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  1. #1
    Join Date
    Nov 2008
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    Unanswered: Fastest way to delete from a large table

    Hi guys,

    I have a problem with deleting from a very large table. The table is a log of some sort with a combined clustering index on the columns type and time. I want to delete all files older than some date. It seems to me that there are two ways to do this:

    1. Create a loop that deletes all rows for each type, using the index already on the table.
    2. Create a new index for time and delete all in one command.

    My question is which is faster? And of course if you know of any other magical way of doing this.

    Thx.

  2. #2
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    #2 won't work I'm afraid unless you are deleting ~3% or less of the table.

    I would go with #1, taking advantage of the clustered index columns.

    Code:
    ...WHERE type = @type AND date <= @date
    If the table is offline for this, it might be quicker to delete all nonclustered indexes first and rebuild them once the job is complete.

    EDIT - corrected error (changed nonclustered to clustered)
    Last edited by pootle flump; 11-03-08 at 04:45.
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  3. #3
    Join Date
    Nov 2008
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    ok, thanks I'm going to go with #1.

  4. #4
    Join Date
    Apr 2007
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    183
    Keep deletes in small batches if possible to minimize log file growth.

    Code:
    WHILE @@ROWCOUNT > 0
    	DELETE	TOP (1000)
    		f
    	FROM	(
    			SELECT	ROW_NUMBER() OVER (PARTITION BY Type ORDER BY date) AS recID
    			FROM	Table1
    			WHERE	date < @date
    		) AS f

  5. #5
    Join Date
    Nov 2008
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    3
    I made some tests with the method Peso suggested and my method with creating a cursor to delete each type separate. The cursor way was much faster. I tested it on a table with 6,152,721 rows. With cursor it took 1:04 and with the other 3:39.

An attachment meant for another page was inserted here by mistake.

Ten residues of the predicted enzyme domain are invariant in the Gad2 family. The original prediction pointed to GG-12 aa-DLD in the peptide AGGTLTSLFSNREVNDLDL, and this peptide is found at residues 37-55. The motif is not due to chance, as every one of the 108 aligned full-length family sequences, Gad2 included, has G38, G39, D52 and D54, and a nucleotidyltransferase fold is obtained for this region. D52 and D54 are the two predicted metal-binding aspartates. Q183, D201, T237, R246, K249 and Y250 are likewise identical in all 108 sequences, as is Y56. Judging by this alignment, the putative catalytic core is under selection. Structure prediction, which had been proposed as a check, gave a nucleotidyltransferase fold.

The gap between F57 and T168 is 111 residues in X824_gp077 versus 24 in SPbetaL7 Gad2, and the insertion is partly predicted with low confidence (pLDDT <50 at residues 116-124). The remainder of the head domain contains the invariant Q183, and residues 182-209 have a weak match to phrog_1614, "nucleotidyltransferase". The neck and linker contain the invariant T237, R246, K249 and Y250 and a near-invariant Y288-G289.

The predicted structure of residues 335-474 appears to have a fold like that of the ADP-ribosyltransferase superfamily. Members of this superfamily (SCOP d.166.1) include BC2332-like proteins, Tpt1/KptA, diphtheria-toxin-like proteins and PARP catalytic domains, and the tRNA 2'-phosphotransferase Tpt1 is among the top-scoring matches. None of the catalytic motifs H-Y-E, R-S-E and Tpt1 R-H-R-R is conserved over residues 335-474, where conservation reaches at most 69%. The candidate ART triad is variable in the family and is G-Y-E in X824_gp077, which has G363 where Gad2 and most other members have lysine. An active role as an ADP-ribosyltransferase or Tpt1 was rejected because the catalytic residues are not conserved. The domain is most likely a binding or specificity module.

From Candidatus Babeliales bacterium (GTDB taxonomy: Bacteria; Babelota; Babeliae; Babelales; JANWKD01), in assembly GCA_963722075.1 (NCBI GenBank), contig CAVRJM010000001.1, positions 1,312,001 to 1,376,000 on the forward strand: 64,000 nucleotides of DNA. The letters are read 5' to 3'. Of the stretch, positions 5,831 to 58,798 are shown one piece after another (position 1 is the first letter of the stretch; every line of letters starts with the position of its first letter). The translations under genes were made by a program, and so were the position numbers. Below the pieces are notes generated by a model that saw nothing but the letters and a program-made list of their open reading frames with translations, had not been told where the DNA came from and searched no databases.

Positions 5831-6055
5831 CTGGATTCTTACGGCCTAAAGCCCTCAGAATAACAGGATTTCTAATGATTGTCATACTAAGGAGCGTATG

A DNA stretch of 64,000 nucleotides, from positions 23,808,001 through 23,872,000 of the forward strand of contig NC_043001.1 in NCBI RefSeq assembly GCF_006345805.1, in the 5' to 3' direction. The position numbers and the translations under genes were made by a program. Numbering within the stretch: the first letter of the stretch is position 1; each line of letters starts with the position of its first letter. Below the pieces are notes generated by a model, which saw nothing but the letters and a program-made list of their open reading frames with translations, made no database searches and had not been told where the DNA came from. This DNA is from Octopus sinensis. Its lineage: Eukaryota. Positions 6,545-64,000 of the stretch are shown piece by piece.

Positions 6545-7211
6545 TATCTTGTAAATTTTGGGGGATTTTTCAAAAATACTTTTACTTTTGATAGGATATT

I'll post the code so you can comment:
    First with cursor
    Code:
     
    declare CustList cursor for
    SELECT type from TypeTable
    OPEN CustList
    FETCH NEXT FROM CustList 
    INTO @type
    WHILE @@FETCH_STATUS = 0
    BEGIN
        delete from logTable where type= @type AND time <'11-04-2008'
        FETCH NEXT FROM CustList INTO @type 
    END
    CLOSE CustList
    DEALLOCATE CustList
    Next without cursor
    Code:
    WHILE @@ROWCOUNT > 0
    DELETE	TOP (1000)
    	f
    FROM	(
    		SELECT ROW_NUMBER() OVER (PARTITION BY type ORDER BY time) AS recID
    		FROM	logfloats
    		WHERE time <'11-04-2008'   
    	) AS f

  6. #6
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    Yep - I would expect that. If you look at the plans, #1 will seek on the index, #2 will scan. In effect you are batching the deletes in #1 anyway so you get the double whammy of seeking on the index and using Peso's batches.

    The above assumes that type is the leading column in the index.

    Actually Peter - I've reread your query - what is the point of the ROW_NUMBER()? You don't use it...
    Testimonial:
    pootle flump
    ur codings are working excelent.

  7. #7
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    Provided Answers: 10
    I feel like it's a replacement for an ORDER BY clause?
    George
    Home | Blog

  8. #8
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    ok...so what purpose does imposing order on the delete serve?
    Testimonial:
    pootle flump
    ur codings are working excelent.

  9. #9
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    Provided Answers: 10
    Top without order is meaningless, and if you were deleting in order of the index it may be faster?!!?/121?


    I don't ruddy know!
    George
    Home | Blog

  10. #10
    Join Date
    Apr 2007
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    183
    My mistake. I thought you were going to delete duplicates...

    Try this
    Code:
    WHILE @@ROWCOUNT > 0
    	DELETE	TOP (1000)
    	FROM	logFloats
    	WHERE	Time < '11-04-2008'

  11. #11
    Join Date
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    Quote Originally Posted by zetkopf
    The table is a log of some sort with a combined clustering index on the columns type and time
    Peter - that is going to crawl if the CI is (type, time) compared to the OP's code. In effect, his code batches the deletes anyway.
    Testimonial:
    pootle flump
    ur codings are working excelent.

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